After gaining nearly 27% in 2021, the S&P 500, a benchmark for the broader market, quickly cooled off this year and gave a lot of those gains back. The index is now down more than 17% so far in 2022. Investors are eagerly awaiting a bottom (I know I am) after enduring a lot of pain in their portfolios this year. There have been some calls from experts and analysts that a bottom may be nearing, but no one knows for sure.
So how much farther could the S&P 500 potentially fall? Let's take a look.
Impossible to predict
As you might imagine, there's virtually no way to time a market bottom, so I wouldn't recommend trying it. In addition, we are currently in unchartered market conditions, and there is widespread dispute over whether a bottom is near.
Coming out of the heart of the pandemic, consumers are currently flush with cash thanks to stimulus and savings, and many consumers have seen higher wages as well. But inflation has soared to 40-year highs, and gas prices have also hit record levels. There is a labor shortage and Russia's invasion of Ukraine, which has complicated supply chain difficulties. The Federal Reserve is now raising its benchmark overnight lending rate extremely aggressively, and bond yields have soared. The Fed is also planning to soon start reducing its nearly $9 trillion balance sheet. Rarely in history have we seen this many conflicting factors in the economy all at once.
Because of the huge run-up during the brunt of the pandemic, even after a big sell-off this year in which the S&P 500 briefly entered bear territory, the market is still a lot higher than at pre-pandemic levels, which makes what will happen next difficult to call. Experts are widely divided on the issue.
David Rosenberg of Rosenberg Research recently wrote in an op-ed in MarketWatch that he thinks the S&P 500 could drop much further, to around the 3,300 level. One reason for this is that yields are still too high, and in the past, the end of a bear market is usually triggered by an average 1.35 percentage point drop in the 10-year Treasury yield, Rosenberg said.
Morgan Stanley's Chief Investment Officer Michael J. Wilson last week said he thinks there is still a ways to go and thinks the S&P 500 will fall to closer to 3,400, due to the chance of a recession in 2023 being much higher.
But some are getting more bullish on stocks. Tom DeMark of DeMark Analytics, who famously called the market bottom in 2020 after COVID-19 hit, recently came out and said the market is close to bottoming and then heading higher. DeMark expects the S&P 500 to sell off below 3,900 before a "shocking rally" that sends the S&P 500 to between 4,400 and 4,500. Baked into this estimate is the yield on the 10-year Treasury bill peaking and the price of crude oil heading lower as well. Meanwhile, JPMorgan Chase's co-head of global research, Marko Kolanovic, who has regularly been more bullish than most of the analyst community, recently said he thinks the stock market "can climb out of this hole" on the belief that U.S. inflation has peaked or will do so soon.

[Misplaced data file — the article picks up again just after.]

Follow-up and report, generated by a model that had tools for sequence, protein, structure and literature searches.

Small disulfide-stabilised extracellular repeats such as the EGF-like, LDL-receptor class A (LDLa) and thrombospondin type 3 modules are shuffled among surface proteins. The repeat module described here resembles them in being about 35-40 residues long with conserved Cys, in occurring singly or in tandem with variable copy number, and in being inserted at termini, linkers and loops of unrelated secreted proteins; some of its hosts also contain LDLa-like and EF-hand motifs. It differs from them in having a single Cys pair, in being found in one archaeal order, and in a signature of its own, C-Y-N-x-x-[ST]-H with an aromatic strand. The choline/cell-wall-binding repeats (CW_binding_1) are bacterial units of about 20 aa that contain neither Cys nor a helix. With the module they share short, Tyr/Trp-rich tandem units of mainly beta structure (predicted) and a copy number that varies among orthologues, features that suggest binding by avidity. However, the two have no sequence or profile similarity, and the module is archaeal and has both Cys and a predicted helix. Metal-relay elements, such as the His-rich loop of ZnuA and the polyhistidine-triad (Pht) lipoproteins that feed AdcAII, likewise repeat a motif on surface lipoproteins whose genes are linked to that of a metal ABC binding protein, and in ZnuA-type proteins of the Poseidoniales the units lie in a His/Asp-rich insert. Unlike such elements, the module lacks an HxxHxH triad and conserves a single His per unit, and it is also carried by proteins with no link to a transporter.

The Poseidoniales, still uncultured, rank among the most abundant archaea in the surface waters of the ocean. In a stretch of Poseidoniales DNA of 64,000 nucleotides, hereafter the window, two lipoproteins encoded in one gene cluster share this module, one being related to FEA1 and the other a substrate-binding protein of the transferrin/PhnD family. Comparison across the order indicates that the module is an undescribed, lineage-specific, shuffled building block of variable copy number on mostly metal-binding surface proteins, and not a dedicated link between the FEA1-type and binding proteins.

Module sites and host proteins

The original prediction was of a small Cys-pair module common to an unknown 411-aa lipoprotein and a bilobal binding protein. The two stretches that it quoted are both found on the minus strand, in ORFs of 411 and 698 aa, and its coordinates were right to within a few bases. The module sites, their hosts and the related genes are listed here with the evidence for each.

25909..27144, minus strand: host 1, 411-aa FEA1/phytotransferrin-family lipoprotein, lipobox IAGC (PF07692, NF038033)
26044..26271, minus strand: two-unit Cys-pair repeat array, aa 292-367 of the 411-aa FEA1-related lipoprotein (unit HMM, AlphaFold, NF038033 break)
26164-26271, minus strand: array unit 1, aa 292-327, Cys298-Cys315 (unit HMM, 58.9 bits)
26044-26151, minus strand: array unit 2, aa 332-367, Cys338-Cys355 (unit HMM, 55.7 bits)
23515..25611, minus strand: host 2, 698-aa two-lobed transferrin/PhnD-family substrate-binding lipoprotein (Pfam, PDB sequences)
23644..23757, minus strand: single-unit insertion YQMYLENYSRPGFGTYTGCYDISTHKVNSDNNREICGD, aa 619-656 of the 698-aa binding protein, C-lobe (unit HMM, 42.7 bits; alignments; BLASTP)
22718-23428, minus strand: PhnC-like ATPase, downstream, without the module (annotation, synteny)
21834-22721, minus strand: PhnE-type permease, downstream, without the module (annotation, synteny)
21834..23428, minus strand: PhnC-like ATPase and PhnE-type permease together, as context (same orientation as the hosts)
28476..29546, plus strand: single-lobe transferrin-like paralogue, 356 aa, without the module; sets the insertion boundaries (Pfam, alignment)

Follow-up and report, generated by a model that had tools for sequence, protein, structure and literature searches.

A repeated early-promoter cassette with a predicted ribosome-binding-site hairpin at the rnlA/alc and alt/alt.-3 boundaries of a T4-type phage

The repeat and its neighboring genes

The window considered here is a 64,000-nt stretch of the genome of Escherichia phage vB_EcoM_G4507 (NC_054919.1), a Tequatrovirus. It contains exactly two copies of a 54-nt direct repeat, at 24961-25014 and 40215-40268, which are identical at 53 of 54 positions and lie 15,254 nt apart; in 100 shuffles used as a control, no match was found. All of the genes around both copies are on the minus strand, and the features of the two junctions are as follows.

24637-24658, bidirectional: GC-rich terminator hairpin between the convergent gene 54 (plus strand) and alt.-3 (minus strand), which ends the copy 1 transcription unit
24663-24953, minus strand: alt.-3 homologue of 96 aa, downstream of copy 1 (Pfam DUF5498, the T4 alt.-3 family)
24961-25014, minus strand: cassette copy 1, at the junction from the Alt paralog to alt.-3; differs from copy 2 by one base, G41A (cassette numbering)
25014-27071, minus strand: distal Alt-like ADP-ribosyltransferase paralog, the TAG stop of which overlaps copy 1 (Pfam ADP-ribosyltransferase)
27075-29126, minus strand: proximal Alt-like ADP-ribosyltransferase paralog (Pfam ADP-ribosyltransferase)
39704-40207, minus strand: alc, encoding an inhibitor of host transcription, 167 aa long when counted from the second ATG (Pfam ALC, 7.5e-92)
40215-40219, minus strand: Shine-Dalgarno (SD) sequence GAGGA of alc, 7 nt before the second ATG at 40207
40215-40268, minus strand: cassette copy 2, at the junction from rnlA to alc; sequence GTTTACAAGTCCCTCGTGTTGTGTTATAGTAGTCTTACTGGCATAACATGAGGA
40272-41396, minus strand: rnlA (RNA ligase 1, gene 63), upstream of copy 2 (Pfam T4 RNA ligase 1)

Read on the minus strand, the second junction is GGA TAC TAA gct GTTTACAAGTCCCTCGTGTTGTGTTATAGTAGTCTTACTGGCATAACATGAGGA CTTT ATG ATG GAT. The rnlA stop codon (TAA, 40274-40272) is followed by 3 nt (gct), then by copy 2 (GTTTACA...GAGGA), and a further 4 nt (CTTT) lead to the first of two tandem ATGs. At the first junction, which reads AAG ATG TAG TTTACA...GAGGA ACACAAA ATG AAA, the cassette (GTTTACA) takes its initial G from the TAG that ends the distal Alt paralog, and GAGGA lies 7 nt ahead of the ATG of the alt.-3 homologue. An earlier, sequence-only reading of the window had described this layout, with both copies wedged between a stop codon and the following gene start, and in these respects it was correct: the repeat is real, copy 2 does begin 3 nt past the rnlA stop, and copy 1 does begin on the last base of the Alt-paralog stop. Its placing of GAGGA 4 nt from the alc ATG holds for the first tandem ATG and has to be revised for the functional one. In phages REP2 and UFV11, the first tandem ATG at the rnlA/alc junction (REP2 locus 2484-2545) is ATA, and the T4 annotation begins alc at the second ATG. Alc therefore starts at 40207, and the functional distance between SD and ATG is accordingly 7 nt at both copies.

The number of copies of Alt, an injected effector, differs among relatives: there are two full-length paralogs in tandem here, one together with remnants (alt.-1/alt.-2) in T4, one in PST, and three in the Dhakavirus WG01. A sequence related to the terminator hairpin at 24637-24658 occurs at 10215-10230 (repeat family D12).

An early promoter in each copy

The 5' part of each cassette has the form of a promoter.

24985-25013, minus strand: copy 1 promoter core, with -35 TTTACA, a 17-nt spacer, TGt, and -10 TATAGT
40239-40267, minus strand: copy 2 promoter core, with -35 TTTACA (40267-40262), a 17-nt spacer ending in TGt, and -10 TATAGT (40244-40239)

As I said above, trying to time the bottom is futile, so I will not try. But it is tough for me to feel any kind of real confidence with two half-point interest rate hikes expected at the Fed's June and July meetings, and with the Fed to soon begin unwinding its balance sheet. I'd like to get past these events.
Finding a bottom doesn't really matter
At the end of the day, finding a bottom doesn't really matter if you are a long-term investor. Markets ebb and flow, and recessions tend to happen about once a decade. But the S&P 500 has declined two or more consecutive years on only four occasions since 1929. Stocks tend to go up over the long term. Rather than worrying about when a bottom will occur, I'd focus more on finding companies that have superior business models and strong economic moats and that can produce tremendous long-term value. If they are down now, then you can buy these stocks at a discount, and in 10 years, you will be glad you did.